5 Tips For Camping With Your Dog
Dogs love to go camping, just as much as kids do, sometimes more. That being said, there are special precautions that must be made when taking a dog camping. Precautions that can make your camping trip a success and help you avoid a disaster.
Here are 5 things that you should do before taking your dog on that camping trip.
1) Apply Flea & Tick Treatment
If you are not current on your flea and tick treatment, now is the time to take care of it.
When camping in the woods, you are very likely to come across fleas and, even worse, ticks. If this happens, the best case scenario is that you find the offender or offenders quickly and will be able to take care of them as soon as you get home.
With ticks though, there is the real danger of getting sick from the bite. Ticks carry all sorts of bacteria and viruses and can make your pet very sick. Given that there are so many places on your dog’s body to hide, the best course of action is to prevent your dog from picking up one of these pests in the first place.
As far as treatment goes, you can do either a topical or an oral flea/tick medicine. Choose the one that you prefer, but know that oral routes have been shown to be more effective.
2) Get A Proper Leash
Retractable leashes are convenient, but they can be a hazard when you need to keep your dog under tight control. If you want to keep your pet under your reigns while camping and hiking, a simple 6 foot leash is the best option. Save the extra long retractable leash for your much more predictable home turf.
Besides a 6 foot leash for walking and getting around, consider picking up a short lead as well for camp. Don’t go crazy on the length, 10 to 12 feet will do. You want your pet to be comfortable and have a good time, but you need to make sure that they stay out of danger. There are many dangers that you need to keep your pet away from while camping like fires, poisonous vegetation and wildlife.
3) Research Campsite Regulations
You might think that all campsites gladly accept dogs but this is not necessarily true. Many camping grounds are in protected wildlife areas and they limit accessibility to pets. This is done in an effort to protect our impact on nature.
Before visiting a campground, make sure to define where your dog can and can not go. This is important to do on every camping trip, but it is particularly important if you will be going into an environmentally sensitive area.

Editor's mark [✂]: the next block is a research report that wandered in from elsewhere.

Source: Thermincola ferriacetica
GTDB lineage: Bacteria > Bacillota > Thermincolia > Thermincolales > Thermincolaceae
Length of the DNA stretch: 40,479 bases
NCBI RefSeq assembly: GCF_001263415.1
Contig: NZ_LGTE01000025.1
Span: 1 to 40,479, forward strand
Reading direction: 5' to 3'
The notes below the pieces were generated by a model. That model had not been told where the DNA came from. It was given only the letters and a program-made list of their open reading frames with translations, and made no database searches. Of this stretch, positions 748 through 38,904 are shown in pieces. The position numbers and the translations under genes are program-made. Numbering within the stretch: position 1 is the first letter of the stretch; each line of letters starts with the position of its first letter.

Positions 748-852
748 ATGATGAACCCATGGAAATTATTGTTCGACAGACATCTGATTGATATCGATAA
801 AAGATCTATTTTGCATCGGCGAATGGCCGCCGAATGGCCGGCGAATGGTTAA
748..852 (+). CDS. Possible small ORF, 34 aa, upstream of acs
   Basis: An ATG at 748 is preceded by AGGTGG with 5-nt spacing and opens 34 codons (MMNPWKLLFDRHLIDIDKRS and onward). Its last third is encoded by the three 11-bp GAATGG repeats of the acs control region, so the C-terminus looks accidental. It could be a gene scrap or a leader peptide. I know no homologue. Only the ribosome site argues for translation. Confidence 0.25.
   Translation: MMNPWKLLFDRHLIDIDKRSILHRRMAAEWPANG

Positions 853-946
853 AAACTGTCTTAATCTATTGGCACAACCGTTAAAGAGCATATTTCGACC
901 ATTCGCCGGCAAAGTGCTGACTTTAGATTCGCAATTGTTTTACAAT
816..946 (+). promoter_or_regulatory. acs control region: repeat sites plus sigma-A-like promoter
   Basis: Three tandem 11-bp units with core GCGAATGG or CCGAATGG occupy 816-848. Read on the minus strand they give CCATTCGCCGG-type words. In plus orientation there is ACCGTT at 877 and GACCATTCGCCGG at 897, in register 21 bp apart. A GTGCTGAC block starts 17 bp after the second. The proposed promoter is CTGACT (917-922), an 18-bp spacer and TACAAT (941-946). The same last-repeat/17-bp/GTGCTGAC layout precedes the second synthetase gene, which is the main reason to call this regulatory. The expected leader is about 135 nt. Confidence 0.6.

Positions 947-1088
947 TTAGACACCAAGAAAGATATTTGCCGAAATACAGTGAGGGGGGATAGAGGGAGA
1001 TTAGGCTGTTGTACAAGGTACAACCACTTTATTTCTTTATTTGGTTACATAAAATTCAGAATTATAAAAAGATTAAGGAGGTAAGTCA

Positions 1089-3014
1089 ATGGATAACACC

4) Buy Your Dog Some Shoes
For many, this will seem silly, but a pair of shoes can make your dogs life a lot easier on the trail. Yes, your dog likely has thick pads on their feet and they may even be rather tough. This does not mean that they are ready to handle the rigors of the wild though.
Camping sites and trails are full of dangers for a dogs feet. There are sharp sticks, hot rocks that have been baking in the sun and insects ready to bite them. Your dog might seem tough, but he or she probably does not have feet that have been hardened with rough use in the wild. Like it or not, your dog has city feet and they may need to be protected.
Will your tough German Shepherd pup look a little silly in shoes? Perhaps, but shoes may prevent an injury that could cut your trip short.
5) Stock Up On Treats & Food
The last thing that you want to do is run out of food on a camping trip. With all of the excitement and the potential for hiking, your dogs metabolism will be running at a higher level. Make sure that you have enough food and treats to satisfy it.
You should also be careful to bring foods that your dog will actually eat. Since they will be out of their element, your dog might not be responsive to their normal kibble A camping trip might be a good time to bring some tastier food that you know your pet will eat, even while stressed.